That’s one area where this season didn’t entirely come together. The Omec conflict petered out a bit in the final couple episodes, as the writers never resolved the question of Omec redemption in a satisfying way. As I noted in my review of the finale episode, “On the March We Fittest Die,” Kindzi deserved to have her acts of deception and betrayal exposed to her people. That’s where her comeuppance needed to arise from, not by Nolan’s hand. Nor did her pitifully small “army” pose a convincing threat in the finale. In that area, this season failed to stick the landing.
That aside, one of the major reasons Season 3 worked so well was its cohesiveness. The show felt focused and purposeful in a way it never had before. Every major conflict was linked by the theme of deception. Datak and Stahma were forced to serve as spies for Tak and betray their home. Likewise, Doc Yewll found herself an unwilling slave to Kindzi, kidnapping citizens of Defiance and literally leading them to the slaughter. Even Nolan came to discover that Irisa had been hiding certain truths about their past together. Friendships were damaged and lives were put at risk because of these secrets. Even the St. Louis arch, which survived a devastating world war and became a symbol of the town’s resilient spirit, was destroyed.
But if deception was a recurring theme this season, so too was the idea of redemption. The added layer of darkness was a means to an end, and characters were brought low so that they could be built back up again and prove their merit. So many characters experienced that arc in one form or another. Irisa spent the season atoning for her actions in Season 2 and watching herself become a bizarre sort of folk hero to Defiance. Amanda faced her greatest challenges yet as mayor and proved that the two will always survive as long as she’s sitting in the captain’s chair. Yewll broke free from her slavery and, together with Nolan, made a huge, seemingly fatal sacrifice to save their home. Even Datak and Stahma found freedom and redemption after spending several episodes under the yoke of General Tak.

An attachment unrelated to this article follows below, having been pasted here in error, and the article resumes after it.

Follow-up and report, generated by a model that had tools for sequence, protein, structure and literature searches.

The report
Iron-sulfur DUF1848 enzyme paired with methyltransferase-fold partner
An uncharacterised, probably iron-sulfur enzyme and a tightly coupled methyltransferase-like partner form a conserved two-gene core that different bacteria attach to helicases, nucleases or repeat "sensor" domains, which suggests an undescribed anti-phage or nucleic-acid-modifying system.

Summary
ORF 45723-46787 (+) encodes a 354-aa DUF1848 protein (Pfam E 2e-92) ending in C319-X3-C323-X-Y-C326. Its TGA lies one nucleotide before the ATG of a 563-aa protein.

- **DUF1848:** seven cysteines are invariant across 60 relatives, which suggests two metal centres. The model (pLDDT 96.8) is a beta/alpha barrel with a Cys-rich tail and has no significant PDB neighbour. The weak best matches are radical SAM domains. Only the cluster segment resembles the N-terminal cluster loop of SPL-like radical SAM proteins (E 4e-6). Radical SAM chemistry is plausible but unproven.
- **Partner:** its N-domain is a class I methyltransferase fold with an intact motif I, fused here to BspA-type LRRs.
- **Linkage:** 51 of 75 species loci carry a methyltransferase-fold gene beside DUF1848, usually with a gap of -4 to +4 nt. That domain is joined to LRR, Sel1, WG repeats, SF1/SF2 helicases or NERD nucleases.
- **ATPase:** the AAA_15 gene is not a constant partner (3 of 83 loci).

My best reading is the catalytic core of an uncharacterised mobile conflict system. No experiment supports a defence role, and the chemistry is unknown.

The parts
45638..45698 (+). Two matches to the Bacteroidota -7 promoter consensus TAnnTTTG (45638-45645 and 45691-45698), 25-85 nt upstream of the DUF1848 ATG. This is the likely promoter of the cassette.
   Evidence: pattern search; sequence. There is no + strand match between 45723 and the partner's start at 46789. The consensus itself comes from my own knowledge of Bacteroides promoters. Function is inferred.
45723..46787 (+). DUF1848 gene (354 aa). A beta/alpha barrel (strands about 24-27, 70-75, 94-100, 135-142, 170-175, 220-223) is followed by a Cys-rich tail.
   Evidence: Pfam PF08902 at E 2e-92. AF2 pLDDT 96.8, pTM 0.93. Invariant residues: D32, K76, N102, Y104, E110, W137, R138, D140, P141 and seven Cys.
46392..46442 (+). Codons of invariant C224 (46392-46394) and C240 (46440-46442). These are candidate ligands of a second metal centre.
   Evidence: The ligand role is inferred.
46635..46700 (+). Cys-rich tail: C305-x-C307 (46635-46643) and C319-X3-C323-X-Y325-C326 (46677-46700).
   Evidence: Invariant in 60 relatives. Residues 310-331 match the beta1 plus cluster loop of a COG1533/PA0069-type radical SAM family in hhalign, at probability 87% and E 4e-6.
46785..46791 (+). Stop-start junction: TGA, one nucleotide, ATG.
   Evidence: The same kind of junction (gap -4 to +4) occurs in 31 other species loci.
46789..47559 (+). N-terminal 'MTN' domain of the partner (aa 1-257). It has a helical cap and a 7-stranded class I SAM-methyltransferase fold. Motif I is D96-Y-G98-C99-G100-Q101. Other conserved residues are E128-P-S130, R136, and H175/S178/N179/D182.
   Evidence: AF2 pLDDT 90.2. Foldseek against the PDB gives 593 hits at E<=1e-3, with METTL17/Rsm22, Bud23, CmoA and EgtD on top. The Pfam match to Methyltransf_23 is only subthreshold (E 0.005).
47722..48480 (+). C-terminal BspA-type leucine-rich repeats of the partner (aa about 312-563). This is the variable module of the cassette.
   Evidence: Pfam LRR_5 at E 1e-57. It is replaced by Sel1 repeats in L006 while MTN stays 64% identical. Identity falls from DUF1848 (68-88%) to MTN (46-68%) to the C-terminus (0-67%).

All of this culminated in the finale episode. If “Upon the March We Fittest Die” struggled when it came to wrapping up the Omec conflict, it was terrific as far as capitalizing on the various character dynamics and giving our heroes the happy ending they deserved. Whether it was Datak’s solemn farewell to Yewll (“You’re a real person with enormous honor and infinite soul.”) or Nolan becoming an honest-to-goodness captain of his own starship, the finale lifted the veil of darkness and showed that all the hardship and suffering was worth it in the end.
From an emotional standpoint, that episode was a great cap to a great season, and it could function perfectly well as a series finale if need be. Sadly, it may come to that. Just like last year at this time, there’s no word yet on whether SyFy will renew Defiance for another season. The farther we get from the launch of the MMORPG, the more uncertain the show’s future becomes. But after seeing just how much improvement was made in this third season, it would be a shame if the ride were to stop now. There’s too much potential in the show’s new status quo and the idea that we might see more of this universe away from the confines of Earth.